18 May 2013

A Great Idea for Liberty Activism: Robin Hood Parking Vigilantes

Big Brother 19 Comments

Check out this news story:

KEENE – The city has filed a lawsuit against six citizens, part of a group dubbed Robin Hood of Keene that patrols downtown armed with video cameras and pockets full of change to fill expired parking meters.

Also known as Robin Hooders, the six are associated with the Free Keene group.

“They say video recording or talking to them is harassing them, but I don’t agree with that,” “Robin Hooder” James Cleaveland said of parking enforcement officers. “So they want to establish a safety zone of fifty feet.”

Members of the group place cards under windshield wipers that read, “Your meter expired; however, we saved you from the king’s tariffs, Robin Hood and his Merry Men. Please consider paying it forward,” and includes an address where donations can be sent.

Now I actually know at least some of these people–a lot of the people who live in Keene go to the Porcupine Freedom Festival (“Porcfest“)–and I asked them if they were being obnoxious to the meter maids. My general impression is that they were mostly being courteous, though admittedly people generally get uncomfortable with cameras.

Here’s a clip showing an educated young lad quoting Lysander Spooner to a guy who doesn’t really appreciate it, I’m sure.

I wish I had more time to devote to this story, but I’m too swamped with work. Anyway I just wanted to pass this along as a great example of a way would-be activists to get the message out in a way that is likely to win sympathy, particularly if everyone involved is courteous.

19 Responses to “A Great Idea for Liberty Activism: Robin Hood Parking Vigilantes”

  1. Jason B says:

    Several things come to mind here. I certainly think the Robin Hooders are performing a service to individuals parking around town. Not too many people really care for meter maids, so it should be fairly easy to garner public sympathy for their cause in the first place. On the other hand, the pushy gentleman does make a good point, one that could even further the Robin Hooders’ cause. If they were employed at a local business they’d have more clout to engage the pushy fellow. They could say something like, “We work in this town. We live here and we pay taxes here. We’re already forced to contribute to this meter man’s salary, and we’re also providing a service to the people who park in this area so they aren’t blindly taxed for something as simple as prolonged parking.”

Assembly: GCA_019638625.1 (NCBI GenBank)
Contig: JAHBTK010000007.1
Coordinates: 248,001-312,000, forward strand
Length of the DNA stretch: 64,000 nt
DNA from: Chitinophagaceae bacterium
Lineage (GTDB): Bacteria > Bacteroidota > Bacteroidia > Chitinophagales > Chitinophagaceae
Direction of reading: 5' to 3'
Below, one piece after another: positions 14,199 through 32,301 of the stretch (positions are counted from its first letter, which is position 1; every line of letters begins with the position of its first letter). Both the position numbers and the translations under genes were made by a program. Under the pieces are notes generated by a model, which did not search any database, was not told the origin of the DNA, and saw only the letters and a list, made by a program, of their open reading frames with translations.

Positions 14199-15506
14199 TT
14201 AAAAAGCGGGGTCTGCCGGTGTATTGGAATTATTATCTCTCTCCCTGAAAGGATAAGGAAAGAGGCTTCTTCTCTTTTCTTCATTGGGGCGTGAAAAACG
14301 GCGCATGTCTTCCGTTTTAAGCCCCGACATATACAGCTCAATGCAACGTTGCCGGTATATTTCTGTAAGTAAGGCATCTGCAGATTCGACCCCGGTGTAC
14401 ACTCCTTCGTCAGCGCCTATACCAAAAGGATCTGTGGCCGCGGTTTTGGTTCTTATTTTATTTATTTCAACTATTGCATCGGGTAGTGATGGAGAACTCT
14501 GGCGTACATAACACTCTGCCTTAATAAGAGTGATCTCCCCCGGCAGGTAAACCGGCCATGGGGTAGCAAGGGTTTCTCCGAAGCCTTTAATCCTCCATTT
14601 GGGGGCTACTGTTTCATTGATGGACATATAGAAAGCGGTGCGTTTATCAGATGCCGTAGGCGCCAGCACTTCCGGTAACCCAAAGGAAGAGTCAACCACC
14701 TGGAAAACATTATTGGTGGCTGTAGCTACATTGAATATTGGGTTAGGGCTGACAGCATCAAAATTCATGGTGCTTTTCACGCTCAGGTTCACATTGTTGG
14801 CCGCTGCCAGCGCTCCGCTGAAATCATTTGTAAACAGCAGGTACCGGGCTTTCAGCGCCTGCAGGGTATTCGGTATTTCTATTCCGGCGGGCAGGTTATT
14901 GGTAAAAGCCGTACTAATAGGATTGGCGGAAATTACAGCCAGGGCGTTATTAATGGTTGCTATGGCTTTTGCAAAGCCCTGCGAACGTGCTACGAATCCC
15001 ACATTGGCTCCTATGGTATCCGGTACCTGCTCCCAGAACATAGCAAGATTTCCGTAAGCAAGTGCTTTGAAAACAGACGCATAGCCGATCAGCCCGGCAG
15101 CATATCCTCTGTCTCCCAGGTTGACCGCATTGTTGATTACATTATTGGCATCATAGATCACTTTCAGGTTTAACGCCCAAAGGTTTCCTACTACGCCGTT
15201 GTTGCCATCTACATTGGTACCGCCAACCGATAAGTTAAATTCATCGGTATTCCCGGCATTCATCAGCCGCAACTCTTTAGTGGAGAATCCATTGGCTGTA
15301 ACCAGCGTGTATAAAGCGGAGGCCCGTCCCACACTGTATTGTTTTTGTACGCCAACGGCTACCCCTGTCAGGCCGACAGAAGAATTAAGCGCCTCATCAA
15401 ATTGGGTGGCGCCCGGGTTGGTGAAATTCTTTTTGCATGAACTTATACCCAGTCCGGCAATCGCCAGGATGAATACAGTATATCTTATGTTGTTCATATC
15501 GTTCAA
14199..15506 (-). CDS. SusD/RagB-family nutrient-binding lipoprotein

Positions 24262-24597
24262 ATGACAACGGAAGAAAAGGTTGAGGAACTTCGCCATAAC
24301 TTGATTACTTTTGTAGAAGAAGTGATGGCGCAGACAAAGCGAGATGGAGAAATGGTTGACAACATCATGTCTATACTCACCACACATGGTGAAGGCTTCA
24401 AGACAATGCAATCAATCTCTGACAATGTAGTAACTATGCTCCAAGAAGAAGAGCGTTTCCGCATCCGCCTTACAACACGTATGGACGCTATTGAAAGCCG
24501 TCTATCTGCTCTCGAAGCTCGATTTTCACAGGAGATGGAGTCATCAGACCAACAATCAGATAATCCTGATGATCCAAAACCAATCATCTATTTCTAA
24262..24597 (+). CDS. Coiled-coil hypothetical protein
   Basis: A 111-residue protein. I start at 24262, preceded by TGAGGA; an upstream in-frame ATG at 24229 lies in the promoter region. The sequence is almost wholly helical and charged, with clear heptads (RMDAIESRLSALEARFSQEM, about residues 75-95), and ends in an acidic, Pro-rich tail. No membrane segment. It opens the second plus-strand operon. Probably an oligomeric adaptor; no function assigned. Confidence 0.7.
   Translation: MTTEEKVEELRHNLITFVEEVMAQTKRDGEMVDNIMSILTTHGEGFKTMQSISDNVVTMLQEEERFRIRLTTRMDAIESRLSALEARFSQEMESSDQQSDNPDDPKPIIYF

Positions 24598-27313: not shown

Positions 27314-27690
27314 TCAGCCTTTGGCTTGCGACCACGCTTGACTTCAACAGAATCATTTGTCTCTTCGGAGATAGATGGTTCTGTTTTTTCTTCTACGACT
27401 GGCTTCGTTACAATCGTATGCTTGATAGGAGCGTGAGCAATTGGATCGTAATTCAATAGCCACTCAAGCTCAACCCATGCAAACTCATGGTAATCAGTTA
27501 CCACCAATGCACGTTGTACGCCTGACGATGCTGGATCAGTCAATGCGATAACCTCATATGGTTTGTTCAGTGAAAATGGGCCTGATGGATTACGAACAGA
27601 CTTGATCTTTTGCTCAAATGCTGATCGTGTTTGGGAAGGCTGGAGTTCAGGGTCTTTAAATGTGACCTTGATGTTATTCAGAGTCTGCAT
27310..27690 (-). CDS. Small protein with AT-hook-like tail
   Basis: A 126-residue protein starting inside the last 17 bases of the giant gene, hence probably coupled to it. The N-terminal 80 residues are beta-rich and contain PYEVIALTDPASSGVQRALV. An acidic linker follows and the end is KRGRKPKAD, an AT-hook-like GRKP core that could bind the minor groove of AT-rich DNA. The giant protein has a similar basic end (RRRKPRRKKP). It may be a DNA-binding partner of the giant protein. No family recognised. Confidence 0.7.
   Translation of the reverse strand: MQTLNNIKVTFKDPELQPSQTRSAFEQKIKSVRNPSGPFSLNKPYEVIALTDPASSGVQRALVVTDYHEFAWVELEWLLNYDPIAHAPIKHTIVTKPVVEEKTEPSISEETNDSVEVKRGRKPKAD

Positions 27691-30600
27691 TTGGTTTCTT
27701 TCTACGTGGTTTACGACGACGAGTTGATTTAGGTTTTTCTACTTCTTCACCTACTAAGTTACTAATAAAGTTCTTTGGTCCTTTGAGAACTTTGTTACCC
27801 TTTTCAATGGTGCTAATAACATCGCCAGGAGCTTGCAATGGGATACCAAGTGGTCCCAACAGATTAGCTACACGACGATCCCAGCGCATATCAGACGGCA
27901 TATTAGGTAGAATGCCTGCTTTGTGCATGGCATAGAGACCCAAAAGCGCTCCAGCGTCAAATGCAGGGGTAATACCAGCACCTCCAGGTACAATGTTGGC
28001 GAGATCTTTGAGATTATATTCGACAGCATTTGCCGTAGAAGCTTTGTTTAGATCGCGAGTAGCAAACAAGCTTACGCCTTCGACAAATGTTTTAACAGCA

I suppose what I’m saying is that if they came off as more professional in their personal lives then I think the local government might have a more difficult case against them from a prosecutorial standpoint. It seems like it’d be fairly easy for the local government to file a lawsuit when the stereotypes of the Robin Hooders seems similar to the questions the guy was asking them, even though the jobless, tax-eater stereotype doesn’t exactly apply to these two Hooders.

  2. konst says:

    I almost feel sorry for the meter maids cause the Robin Hood group appears to be in very close proximity to them but maybe it just appears that way cause of the camera zoom lenses. I would appreciate what the group is doing if I lived there though they missed a few meters they could have saved by focusing too much on the maids.

  3. Valueprax says:

    It’d be interesting to see what kind of response they’d get if they practiced the Non-Violent Communication (NVC) method of Marshall Rosenberg.

  4. Sam Geoghegan says: